Thick tabletop movement

1 Radially-sawn wood is also sometimes referred to rift-sawn although it doesn't mean quite the same thing. Strictly speaking radial sawing refers exclusively to how the log was converted into boards, literally in a radial fashion. While rift-sawn can refer to grain orientation in a board only, which is also true of quarter-sawn wood, regardless of the method used to saw the boards from the log.

  • That is indeed the image I referred to OP to in my answer. I hesitated porting the image here in case of any copyright issues. This is not a problem?
    – bpedit
    Apr 20, 2017 at 16:47
  • @bpedit Fair Use clause of copyright law means we can use any image we find since it's for educational purposes.
    – Graphus
    Apr 21, 2017 at 6:50
  • Sheesh... I'd never heard of Ana white before. Watching her work made me cringe. None of that furniture is going to hold together more than a couple years... May 23, 2017 at 0:07
  • @Graphus The image of this answer: does it have a source from where it draws its expansion percentages? Mar 24, 2019 at 22:20
  • @Santropedro, these were probably averaged out from available info from industry, or from the data published by the Forest Products Laboratory. If you want more accurate numbers for different species do check out the first Answer linked to above, it includes a table from an FPL publication with specific figures for many woods. Just to mention in case you don't know, as comprehensive and authoritative as these numbers seem they (in fact all published numbers of this type) are still effectively approximations because wood varies so much.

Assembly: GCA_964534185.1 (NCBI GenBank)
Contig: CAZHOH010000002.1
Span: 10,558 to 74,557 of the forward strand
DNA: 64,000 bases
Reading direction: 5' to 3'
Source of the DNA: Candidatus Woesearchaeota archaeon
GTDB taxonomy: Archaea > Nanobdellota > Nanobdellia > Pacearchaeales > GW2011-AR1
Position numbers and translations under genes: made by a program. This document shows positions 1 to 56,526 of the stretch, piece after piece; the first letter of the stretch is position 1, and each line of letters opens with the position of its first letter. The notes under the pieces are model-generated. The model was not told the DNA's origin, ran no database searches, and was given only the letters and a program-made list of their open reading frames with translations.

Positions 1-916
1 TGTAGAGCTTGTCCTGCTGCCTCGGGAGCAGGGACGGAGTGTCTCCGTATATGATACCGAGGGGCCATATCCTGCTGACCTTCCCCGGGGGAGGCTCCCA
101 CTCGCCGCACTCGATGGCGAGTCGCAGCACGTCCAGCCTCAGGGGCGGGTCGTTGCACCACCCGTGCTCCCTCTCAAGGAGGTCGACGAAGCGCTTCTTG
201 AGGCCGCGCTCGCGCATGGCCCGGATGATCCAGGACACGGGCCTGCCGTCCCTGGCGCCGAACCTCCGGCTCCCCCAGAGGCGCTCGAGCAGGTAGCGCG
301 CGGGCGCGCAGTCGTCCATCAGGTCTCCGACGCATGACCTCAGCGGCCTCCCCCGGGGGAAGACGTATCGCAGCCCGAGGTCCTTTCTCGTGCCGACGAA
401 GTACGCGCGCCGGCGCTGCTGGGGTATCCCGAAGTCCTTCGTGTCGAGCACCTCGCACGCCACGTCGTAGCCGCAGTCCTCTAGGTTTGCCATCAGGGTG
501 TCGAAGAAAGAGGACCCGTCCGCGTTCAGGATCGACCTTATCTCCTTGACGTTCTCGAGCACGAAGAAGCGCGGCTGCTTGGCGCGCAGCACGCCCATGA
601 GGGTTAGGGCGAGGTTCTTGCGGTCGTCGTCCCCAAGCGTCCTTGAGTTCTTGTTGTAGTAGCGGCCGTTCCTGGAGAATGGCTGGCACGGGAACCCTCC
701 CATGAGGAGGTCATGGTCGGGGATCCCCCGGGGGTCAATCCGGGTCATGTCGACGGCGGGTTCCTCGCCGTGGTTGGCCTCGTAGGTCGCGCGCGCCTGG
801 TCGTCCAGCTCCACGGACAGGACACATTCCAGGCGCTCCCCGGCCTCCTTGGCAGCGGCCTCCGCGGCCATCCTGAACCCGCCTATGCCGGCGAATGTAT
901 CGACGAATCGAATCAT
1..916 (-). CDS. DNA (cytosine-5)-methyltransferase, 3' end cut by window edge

– Graphus
    Mar 25, 2019 at 6:46

Wood expands far less in the longitudinal direction than across the grain. To be clear, this means along the direction of the xylem conduits in the wood which are parallel to the trunk. So, typically the length of a board "moves" less than 1/100 as much as the width of the board on a per-inch basis.

There is also variation in movement across the width depending on whether the board is quarter sawn or slab sawn. A quarter sawn board will, on average, shrink or expand only 1/2 as much as a slab sawn board.

Here is a link that will help you visualize: